'It therefore appearing that no material change of the status quo is threatened prior to the time when this Court will have an opportunity to hear and dispose of the present appeal, the motion for injunctive relief ans stay is hereby denied, without prejudice to renewal under appropriate circumstances.'
This court now has heard oral arguments on the appeal from the order of the district court remanding the case to the State trial court.
The petition for removal under 28 U.S.C. 1443 charges: that appellant was unable to obtain a fair and impartial trial in the State court; that he was being denied his civil and constitutional rights under the Sixth and Fourteenth Amendments to the Constitution of the United States; and that the indictment against petitioner and the prosecution thereunder in the State court was the result of prejudice against appellant. Further he alleged a false, unlawful, wrongful conspiracy and collusive agreement between the State judges and other public officials to destroy petitioner 'under the prejudice and bitterness of a pre-existing conspiracy.'
It was conceded during the oral arguments before this court that appellant did not file any application in the State court for change of venue.
28 U.S.C. 1443 provides that a civil action or criminal prosecution commenced in a State court may be removed by the defendant to a United States District Court by any person 'who is denied or cannot enforce in the courts of such State a right under any law providing for the equal civil rights of citizens of the United States * * *.' We hold that this statute confers no right of removal under the averments of the petition for removal filed by appellant in the present case. State of Georgia v. Rachel, 384 U.S. 780, 86 S.Ct. 1783, 16 L.Ed.2d 925; City of Greenwood v. Peacock, 384 U.S. 808, 86 S.Ct. 1800, 16 L.Ed.2d 944.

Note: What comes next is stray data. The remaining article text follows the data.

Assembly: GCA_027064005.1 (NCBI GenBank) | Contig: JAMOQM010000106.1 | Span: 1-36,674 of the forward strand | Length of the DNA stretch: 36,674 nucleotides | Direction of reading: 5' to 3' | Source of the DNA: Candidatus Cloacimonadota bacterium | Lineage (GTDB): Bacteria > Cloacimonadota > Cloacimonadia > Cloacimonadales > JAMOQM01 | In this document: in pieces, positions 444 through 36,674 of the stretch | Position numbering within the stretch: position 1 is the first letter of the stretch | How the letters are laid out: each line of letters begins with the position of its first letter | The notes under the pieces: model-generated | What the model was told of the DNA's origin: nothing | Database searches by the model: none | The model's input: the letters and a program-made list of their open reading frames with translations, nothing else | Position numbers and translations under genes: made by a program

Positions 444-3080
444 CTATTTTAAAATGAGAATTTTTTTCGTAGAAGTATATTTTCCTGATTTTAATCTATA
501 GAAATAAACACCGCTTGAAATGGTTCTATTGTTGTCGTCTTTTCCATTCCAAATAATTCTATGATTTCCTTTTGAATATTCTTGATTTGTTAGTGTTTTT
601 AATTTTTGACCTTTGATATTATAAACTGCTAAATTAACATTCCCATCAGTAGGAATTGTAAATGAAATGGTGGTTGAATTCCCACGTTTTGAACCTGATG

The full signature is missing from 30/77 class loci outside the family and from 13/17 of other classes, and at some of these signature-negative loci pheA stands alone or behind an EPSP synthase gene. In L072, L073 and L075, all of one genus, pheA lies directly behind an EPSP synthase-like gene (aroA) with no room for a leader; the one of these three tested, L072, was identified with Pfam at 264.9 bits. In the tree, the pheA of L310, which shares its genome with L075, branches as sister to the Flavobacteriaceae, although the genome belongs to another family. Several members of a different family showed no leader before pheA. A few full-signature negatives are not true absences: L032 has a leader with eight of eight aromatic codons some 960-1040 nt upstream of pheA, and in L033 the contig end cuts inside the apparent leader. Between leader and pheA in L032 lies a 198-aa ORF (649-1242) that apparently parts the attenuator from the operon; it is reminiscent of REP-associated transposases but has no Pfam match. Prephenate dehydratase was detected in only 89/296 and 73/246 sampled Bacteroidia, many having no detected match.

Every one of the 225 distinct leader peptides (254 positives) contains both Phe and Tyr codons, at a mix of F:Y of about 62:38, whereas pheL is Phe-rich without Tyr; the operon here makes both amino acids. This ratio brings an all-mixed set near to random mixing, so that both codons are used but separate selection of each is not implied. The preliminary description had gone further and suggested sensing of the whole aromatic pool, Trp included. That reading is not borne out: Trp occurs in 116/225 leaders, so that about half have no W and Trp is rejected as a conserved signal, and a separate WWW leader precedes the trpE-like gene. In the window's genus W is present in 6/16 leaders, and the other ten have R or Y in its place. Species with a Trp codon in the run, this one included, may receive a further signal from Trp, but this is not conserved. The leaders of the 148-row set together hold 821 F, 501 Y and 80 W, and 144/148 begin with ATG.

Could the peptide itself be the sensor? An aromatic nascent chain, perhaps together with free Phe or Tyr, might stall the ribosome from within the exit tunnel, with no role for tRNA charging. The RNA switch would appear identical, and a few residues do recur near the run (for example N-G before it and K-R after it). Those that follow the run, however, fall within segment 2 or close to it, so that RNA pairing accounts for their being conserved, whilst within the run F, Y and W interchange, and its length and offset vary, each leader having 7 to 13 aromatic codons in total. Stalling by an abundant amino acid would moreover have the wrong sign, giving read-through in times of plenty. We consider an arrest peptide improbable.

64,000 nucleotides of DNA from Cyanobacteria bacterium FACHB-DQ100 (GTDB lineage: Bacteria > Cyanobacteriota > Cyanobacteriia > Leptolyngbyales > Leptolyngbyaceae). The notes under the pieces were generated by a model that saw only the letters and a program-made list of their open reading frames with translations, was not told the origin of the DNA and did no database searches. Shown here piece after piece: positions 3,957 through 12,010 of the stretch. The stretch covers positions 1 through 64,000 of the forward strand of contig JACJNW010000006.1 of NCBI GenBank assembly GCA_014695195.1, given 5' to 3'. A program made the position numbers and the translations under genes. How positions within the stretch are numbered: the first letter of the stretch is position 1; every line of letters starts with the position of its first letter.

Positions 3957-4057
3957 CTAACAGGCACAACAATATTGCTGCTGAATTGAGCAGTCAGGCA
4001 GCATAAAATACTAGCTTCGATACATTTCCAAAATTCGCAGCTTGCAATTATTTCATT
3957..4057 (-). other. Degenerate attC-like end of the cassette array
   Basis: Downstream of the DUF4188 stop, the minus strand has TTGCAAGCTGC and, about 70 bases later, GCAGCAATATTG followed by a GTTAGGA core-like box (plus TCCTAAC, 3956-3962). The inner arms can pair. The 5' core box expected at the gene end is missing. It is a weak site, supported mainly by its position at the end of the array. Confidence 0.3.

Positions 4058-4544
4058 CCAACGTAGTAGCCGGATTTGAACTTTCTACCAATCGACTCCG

A criminal proceeding in a State court cannot be removed to a federal court 'unless warrant therefor be found in some act of Congress.' Com. of Kentucky v. Powers, 201 U.S. 1, 24, 26 S.Ct. 387, 393, 50 L.Ed. 633.
As said by this court in Hull v. Jackson County Circuit Court, 138 F.2d 820, 821:
'The removal of a criminal prosecution or a civil cause under the statute in question because of the denial of a civil right or the enforcement to such a right must arise out of the destruction of such right by the constitution of statutory laws of the state wherein the action is pending. The statute does not justify federal interference where a party is deprived of any civil right by reason of discrimination or illegal acts of individuals or judicial or administrative officers. If the alleged wrongs are committed by officers or individuals the remedy is the prosecution of the case to the highest court of the state and then to the Supreme Court of the United States as the laws of the United States authorize.'
In the present case appellant has been indicted for false arrest under a Kentucky statute. He has been tried by a jury and found guilty. The jury has fixed his punishment. He is now free on bail and this court has been assured by counsel for the Commonwealth of Kentucky that he will be permitted to remain free on bail pending review of his conviction by the Court of Appeals of Kentucky and pending an opportunity for review by the Supreme Court of the United States. Appellant thus has available to him an opportunity for full appellate review of his claims of deprivation of constitutional rights.
We hold that the district court was correct in remanding this case to the State trial court.